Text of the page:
Making history interesting to teenagers is a daily challenge for Eric Cochran, AB ’98, chair of the social studies department at Lindbergh High School in St. Louis County.
“I try to show them that something that happened 150 years ago still impacts their lives today,” he says. “I have a passion for history, and I try to share that. If I can get excited about it, they can get excited about it, too.”
Cochran’s teaching has garnered him multiple accolades. In 2011, he won the Milken Educator Award (and its $25,000 prize), was named a Missouri Teacher of the Year finalist, and received the Lindbergh School District Teacher of the Year Award.
So what is the key to his success?
According to Cochran, it’s being himself. As a first-year teacher, Cochran came in thinking he “had to be tough and lay down the law.” But he soon learned that just would not work for him.
“The more I started teaching to my personality, the better I became as a teacher,” he says. “You just have to be true to who you are. The kids will love you if you are genuine.”
And love him they do. Lindbergh’s National Merit finalists have named Cochran “Most Inspirational Teacher” six times.
His passion for history goes way back. As a kid, Cochran was enthralled with the U.S. presidents. “In the fourth grade, I drew a picture of every president and hung it in my bedroom,” he says. “I also remember going through old photos and wondering about life back then. I didn’t realize at the time how rare it was to have that kind of fascination at a young age.”
Cochran did not always want to be a teacher. When he began taking classes at Washington University, he decided to major in political science. While a student, he helped coach a middle school basketball team. “Coaching made me realize that working with young people was my calling,” he says.
Soon after this revelation, Cochran contacted the university’s education department to see how he could get teaching certification. “Phenomenal professors taught in the education program at Washington University,” he says. “They definitely had an impact on what I do in the classroom today.”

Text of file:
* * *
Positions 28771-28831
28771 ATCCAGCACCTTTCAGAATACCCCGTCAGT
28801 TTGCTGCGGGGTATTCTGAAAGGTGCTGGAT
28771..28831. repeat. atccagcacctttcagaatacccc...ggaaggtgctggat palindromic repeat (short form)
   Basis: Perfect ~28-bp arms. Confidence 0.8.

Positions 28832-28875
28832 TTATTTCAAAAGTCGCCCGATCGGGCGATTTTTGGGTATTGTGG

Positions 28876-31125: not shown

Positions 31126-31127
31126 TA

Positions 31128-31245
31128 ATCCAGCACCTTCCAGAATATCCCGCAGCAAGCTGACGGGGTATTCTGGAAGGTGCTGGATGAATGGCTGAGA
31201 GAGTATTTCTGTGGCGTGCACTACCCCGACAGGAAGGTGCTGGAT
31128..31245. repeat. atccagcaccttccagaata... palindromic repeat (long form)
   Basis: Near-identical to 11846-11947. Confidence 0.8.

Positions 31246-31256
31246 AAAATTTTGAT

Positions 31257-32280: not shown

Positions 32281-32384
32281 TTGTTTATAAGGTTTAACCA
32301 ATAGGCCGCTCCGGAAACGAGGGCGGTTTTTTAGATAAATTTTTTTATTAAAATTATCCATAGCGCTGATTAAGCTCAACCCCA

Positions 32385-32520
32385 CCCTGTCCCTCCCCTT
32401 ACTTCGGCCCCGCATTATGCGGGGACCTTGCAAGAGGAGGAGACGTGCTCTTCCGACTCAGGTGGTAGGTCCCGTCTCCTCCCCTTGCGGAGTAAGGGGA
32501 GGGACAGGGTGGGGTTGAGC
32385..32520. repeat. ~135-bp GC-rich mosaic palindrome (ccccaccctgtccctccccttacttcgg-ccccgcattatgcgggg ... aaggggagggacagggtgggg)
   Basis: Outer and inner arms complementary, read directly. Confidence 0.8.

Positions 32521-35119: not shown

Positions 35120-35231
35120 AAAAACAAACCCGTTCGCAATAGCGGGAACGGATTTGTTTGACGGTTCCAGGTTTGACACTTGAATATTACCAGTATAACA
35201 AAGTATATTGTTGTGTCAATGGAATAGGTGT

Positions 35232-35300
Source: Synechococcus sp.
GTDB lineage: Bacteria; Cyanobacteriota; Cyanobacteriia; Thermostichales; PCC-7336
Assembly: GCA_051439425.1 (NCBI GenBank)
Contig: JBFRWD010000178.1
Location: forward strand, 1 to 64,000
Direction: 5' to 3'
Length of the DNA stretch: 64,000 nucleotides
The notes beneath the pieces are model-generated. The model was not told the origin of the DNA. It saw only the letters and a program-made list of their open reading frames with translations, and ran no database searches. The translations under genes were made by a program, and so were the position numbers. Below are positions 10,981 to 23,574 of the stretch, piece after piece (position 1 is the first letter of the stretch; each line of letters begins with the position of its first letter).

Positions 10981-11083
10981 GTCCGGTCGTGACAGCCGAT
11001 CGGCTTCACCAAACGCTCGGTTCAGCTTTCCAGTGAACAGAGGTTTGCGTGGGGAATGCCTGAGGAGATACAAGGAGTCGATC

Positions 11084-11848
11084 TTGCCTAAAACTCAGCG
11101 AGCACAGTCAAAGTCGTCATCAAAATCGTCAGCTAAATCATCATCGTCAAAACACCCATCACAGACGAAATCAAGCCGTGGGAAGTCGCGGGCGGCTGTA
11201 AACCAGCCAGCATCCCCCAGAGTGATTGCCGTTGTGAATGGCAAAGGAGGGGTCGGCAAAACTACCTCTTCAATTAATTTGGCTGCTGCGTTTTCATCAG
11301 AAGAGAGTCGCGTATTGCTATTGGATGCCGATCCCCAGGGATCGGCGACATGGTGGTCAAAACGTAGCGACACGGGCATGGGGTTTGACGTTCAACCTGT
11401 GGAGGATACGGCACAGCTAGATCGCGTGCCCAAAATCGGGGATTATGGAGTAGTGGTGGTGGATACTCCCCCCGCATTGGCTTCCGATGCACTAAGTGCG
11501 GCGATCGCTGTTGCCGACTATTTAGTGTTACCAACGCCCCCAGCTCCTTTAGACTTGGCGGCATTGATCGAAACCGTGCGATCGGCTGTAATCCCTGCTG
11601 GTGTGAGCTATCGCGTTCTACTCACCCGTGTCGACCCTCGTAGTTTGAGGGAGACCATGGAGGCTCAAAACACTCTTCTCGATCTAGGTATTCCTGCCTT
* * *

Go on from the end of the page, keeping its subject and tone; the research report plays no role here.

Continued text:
Cochran knew that when he began teaching after graduation it would be challenging, but he had no idea just how difficult it would prove to be. “As a teacher, I constantly try to improve my craft,” he says. “I’m always grading, working with a student who needs extra help, talking to parents, or serving on a committee or two.”
He adds that his profession is not just about teaching skills and content. “I also attempt to make a personal connection with kids and help them deal with problems at home and the challenges of adolescence,” he says.
In addition to his teaching appointment, Cochran serves as the assistant varsity basketball coach at Lindbergh, the head of the history club and a member of many different district-level committees.
He plans to apply for a doctoral program in education in the near future. (He has a master’s degree in history from the University of Missouri–St. Louis.)
“I love the classroom so much that I cannot envision a scenario where I am not working hands-on with kids,” he says. “But somewhere down the road, I might realize there are ways I can help even more kids on a larger scale — possibly working through the state with curriculum writing. Those things do intrigue me, but at this point, being in the classroom is what really excites me.”
Cochran isn’t the only one in his family dedicated to teaching. His wife, Jessica, teaches, and his brothers and their wives also teach.
“Our parents taught us to love school and to love learning,” he says. He hopes to encourage this in his two daughters (Kelsey, 6, and Kristen, 4) and in his students, as well.
Cochran ultimately aims “to inspire a love of history and to teach my students to become lifelong learners. I think that people who continue to learn for the rest of their lives always become productive citizens.”
Blaire Leible Garwitz is associate editor of this magazine.
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